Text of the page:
The Commission publishes a brief summary of all notifications in the Official Journal of the EU. This summary includes the names of the undertakings concerned, their country of origin, the nature of the concentration and the economic sectors involved the date upon which the notification was received by the Commission. The summary of the notification shall normally not contain business secrets.
Does the authority seek or invite the views of third parties?
Third parties have various possibilities to express their views at every stage of the merger review procedure under the EUMR.
The primary way for third parties to contribute to the Commission’s investigation is by means of replies to requests for information. For example, when a market test is carried out, the Commission sends out detailed questionnaires to third parties (usually to customers, suppliers, competitors and trade associations) seeking their views on the transaction.
The Commission also welcomes individual submissions other than direct replies to questionnaires, where third parties provide information and comments they consider relevant for the assessment of a given transaction. The Commission may also invite third parties for meetings to discuss and clarify specific issues raised.
Third parties which show a sufficient interest in the investigation (including worker representatives) may also apply to be heard by the Commission, by giving oral or written evidence. They may further be given a non-confidential copy of the statement of objections in Phase II proceedings, enabling them to submit comments to the Commission on its preliminary assessment.
What information may be published by the authority or made available to third parties?
The following information is published by the Commission:
- the fact of the notification, including the names of the parties involved and a brief description of the proposed concentration. This information is published by the Commission in the Official Journal, in the form of a notice, inviting third-party comments. A draft of this notice is provided by the notifying party (-ies) as part of the notification form;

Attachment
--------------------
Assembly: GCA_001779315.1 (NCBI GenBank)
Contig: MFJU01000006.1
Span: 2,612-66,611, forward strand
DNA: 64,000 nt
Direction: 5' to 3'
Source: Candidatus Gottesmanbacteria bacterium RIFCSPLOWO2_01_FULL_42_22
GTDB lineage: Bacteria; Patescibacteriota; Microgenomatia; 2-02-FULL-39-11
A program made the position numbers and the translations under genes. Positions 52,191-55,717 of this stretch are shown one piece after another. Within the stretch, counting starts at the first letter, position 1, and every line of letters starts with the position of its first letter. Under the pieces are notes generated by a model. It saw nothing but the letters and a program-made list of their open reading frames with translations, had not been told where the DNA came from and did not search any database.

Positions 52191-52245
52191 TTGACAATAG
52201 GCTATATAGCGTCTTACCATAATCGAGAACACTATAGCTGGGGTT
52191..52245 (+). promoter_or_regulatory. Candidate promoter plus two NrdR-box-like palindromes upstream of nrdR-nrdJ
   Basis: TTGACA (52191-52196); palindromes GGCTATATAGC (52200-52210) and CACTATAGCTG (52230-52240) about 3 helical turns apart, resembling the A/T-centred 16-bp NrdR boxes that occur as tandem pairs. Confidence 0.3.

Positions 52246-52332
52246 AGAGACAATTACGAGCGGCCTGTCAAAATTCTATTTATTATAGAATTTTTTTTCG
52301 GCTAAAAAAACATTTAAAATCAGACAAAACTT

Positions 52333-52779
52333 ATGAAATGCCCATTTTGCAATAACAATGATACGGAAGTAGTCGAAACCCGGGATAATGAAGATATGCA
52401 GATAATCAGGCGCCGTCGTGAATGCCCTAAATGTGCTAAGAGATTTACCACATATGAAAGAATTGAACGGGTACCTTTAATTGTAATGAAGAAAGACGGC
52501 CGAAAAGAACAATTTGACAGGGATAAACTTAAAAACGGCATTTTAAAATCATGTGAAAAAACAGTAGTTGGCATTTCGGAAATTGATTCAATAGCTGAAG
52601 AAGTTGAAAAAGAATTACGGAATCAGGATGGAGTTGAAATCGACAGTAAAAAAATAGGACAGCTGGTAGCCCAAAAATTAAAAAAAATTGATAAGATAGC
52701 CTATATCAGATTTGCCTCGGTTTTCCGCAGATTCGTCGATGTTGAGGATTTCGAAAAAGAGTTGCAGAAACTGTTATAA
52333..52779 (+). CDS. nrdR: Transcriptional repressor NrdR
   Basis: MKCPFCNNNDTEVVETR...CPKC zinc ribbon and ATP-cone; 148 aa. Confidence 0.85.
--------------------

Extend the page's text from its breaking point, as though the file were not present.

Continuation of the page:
- the adoption of the Commission’s decision at the end of the Phase I examination and (if applicable) the Phase II examination. The Commission will publish a press release and after some time in a non-confidential version of the decision (see below). If the Commission decides to initiate a Phase II investigation, it will issue a decision setting out its serious doubts which justify the launch of a Phase II investigation. However, this Phase I decision will not be published by the Commission;
- a non-confidential copy of the Commission’s final decision, which is made available on the Commission’s website after the Commission and the parties have agreed which information should be redacted as business secrets. In the case of a short-form decision for simplified procedure cases, the Commission will publish a notice of the fact of the decision in the Official Journal of the EU.
Does the authority cooperate with antitrust authorities in other jurisdictions?
The Commission cooperates both with the national competition authorities in the EU and other non-EU jurisdictions.
To this effect, the Commission has entered into a number of cooperation agreements with other jurisdictions, such as the US, Brazil, Canada, China, India, Japan, South Korea and Switzerland. This cooperation with other competition authorities on specific transactions typically consists of information exchange.
In addition, the Commission actively participates in the International Competition Network’s working group on multi-jurisdictional merger control, which was established in 2001 with the aim of promoting best practices and international cooperation.
What kind of remedies are acceptable to the authority? How often are behavioural remedies accepted in comparison with major merger control jurisdictions, such as the EU or US?
The Commission has a strong preference for structural rather than behavioural remedies, in particular divestments, as it believes that the most effective way of restoring competition is either to create a new competitive entry or to strengthen existing competitors through divestments. The Commission may also accept other structural remedies, such as the severing of links with competitors or important players in a supply chain.